Description from Amazon.com
This major revision provides a comprehensive guide to the medical and surgical aspects of male and female infertility.
Harvard University, Boston, MA. Comprehensive reference for residents and practitioners. Illustrated, some color plates. 85 contributors, 59 U.S. DNLM: Infertility.
From the Back Cover
Key Benefit: This major revision provides a comprehensive guide to the medical and surgical aspects of male and female infertility. Key Topics: Completely updated, the second edition includes new chapters on endocrine disorders and infertility, molecular biology of spermatogenesis, weight and reproduction, HIV infection and reproduction, gonadotropin releasing hormone agonists and antagonists, laser physics and assisted fertilization techniques. Market: Obstetricians and gynecologists, residents, primary care physicians.
About the Author
Machelle Seibel, MD (Faulkner Centre for Reproductive Medicine, Faulkner Hospital, Boston, Massachusetts)
Description from BarnesandNoble.com
From the Publisher
Seibel, Machelle M., MD(Harvard Univ)
The contributors represent the specialties of obstetrics and gynecology, reproductive endocrinology, physiology, reproductive immunology, and embryology research. Most are from universities and academic hospitals in five countries, including the U.S., Israel, and Canada. Institutions prominently represented include Univ of Maryland, Harvard, Univ of Alabama-Birmingham, Bar Ilan Univ, and Medical Univ of South Carolina.
From Doody Review Services
Reviewer: Lawrence C. Layman, MD (University of Chicago Medical Center)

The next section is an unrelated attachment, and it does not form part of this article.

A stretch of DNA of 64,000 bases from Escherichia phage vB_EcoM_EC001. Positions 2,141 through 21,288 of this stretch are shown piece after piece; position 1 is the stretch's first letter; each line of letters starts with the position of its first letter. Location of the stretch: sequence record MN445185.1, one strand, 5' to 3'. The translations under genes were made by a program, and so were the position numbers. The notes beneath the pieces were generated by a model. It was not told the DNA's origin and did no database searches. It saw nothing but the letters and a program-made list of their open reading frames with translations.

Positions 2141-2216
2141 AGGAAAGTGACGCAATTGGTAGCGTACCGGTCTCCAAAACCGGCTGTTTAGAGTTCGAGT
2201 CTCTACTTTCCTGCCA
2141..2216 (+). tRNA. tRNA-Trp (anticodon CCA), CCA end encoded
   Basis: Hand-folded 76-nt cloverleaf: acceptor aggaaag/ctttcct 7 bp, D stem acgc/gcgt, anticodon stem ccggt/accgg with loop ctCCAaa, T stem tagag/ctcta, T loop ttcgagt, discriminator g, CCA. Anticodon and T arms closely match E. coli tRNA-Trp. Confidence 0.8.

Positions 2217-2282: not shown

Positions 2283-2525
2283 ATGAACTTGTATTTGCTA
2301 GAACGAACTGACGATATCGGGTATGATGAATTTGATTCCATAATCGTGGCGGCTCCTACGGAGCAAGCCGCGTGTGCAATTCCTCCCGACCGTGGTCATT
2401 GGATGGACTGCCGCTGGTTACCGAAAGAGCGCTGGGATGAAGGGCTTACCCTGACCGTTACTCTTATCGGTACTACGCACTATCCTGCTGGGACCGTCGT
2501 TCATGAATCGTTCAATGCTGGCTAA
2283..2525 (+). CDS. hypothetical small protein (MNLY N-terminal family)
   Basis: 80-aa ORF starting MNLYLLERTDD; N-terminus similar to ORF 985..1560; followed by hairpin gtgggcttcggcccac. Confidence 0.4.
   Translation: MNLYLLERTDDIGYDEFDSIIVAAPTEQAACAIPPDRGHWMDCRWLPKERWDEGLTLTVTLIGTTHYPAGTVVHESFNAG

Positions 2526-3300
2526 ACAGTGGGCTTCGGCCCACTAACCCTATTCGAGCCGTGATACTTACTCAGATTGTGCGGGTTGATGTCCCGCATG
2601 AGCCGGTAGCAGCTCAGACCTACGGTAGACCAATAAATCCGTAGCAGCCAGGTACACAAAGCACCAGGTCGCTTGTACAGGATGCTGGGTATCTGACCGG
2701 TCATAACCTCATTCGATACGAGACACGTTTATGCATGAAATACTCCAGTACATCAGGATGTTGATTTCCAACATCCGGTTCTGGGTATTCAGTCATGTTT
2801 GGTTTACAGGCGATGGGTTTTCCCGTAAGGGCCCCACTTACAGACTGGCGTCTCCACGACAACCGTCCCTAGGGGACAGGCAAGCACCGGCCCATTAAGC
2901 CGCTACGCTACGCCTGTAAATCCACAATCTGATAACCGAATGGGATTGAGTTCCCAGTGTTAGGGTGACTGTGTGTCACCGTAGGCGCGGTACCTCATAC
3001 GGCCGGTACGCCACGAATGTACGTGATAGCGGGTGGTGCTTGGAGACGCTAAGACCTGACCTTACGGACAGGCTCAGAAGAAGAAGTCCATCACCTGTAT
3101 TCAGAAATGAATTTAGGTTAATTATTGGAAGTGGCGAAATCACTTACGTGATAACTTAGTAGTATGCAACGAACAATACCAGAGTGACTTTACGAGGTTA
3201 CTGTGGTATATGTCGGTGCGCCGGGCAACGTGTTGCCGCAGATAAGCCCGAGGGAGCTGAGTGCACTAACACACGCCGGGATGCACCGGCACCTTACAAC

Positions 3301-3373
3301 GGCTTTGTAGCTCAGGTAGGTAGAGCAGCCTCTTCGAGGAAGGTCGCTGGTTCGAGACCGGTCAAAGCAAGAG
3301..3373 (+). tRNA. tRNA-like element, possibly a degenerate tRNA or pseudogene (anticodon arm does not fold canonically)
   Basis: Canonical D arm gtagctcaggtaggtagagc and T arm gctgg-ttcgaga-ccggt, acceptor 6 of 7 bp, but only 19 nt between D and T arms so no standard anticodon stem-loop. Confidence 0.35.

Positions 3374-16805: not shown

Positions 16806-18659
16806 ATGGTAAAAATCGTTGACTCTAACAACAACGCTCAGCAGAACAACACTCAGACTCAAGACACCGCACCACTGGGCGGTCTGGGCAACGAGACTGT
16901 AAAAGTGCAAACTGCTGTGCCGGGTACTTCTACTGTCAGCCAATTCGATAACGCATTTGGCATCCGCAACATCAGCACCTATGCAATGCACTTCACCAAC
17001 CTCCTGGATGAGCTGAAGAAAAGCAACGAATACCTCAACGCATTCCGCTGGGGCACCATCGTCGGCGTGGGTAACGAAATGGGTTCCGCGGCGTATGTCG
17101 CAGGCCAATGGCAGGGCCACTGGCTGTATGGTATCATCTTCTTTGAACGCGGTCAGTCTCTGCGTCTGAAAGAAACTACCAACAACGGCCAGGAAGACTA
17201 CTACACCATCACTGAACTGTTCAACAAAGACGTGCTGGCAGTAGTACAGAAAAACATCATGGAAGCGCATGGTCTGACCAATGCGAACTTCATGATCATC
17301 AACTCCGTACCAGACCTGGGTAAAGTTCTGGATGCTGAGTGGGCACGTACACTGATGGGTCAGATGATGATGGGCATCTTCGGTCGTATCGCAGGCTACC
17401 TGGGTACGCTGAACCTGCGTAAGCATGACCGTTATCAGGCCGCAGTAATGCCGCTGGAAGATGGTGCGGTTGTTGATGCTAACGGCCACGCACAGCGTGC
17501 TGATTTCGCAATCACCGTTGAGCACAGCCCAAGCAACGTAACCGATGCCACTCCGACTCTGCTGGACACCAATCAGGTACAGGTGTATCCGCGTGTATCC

Description: This second edition is a thorough compendium of infertility.
Purpose: The purpose is to provide a comprehensive approach to the pathophysiology, diagnosis, treatment, and outcome of infertility. The editor purports this edition to be comprehensive and does attain this goal. Chapters on molecular biology, outcomes, adoption, support groups, and ethics clearly add to the more standard topics of infertility.
Audience: This book is meant for medical students, residents, fellows, and clinicians and appears appropriate for these groups. Perhaps the greatest benefit is for fellows and clinicians, since the level of detail probably exceeds that needed for medical students and residents. However, the interested student or resident should be able to comprehend this readable text from an editor with credibility.
Features: The book has an aesthetic appeal from its content and layout to its illustrations and diagrams. The judicious use of photographs for diagnostic procedures and surgery enhances the understanding of these sections. MRIs of brain could be better labeled, but they are of good quality. In general, references are current and appropriate, but the widespread use of algorithms seems somewhat rigid since aspects of diagnosis and treatment are controversial. Perhaps the greatest attribute is the completeness in addressing topics relating to infertility. I am not aware of other major texts that incorporate entire chapters to genetic techniques, outcomes research, ethics, religion, and various patient support groups under the samecover.
Assessment: This book covers the broadest range of topics on the subject, and most chapters deliver a succinct, focused approach. Although complete, it probably does not replace more standard reproductive endocrinology texts but complements them. This book provides a comprehensive reference book for students and residents and an excellent textbook for fellows and clinicians.
Table of Contents
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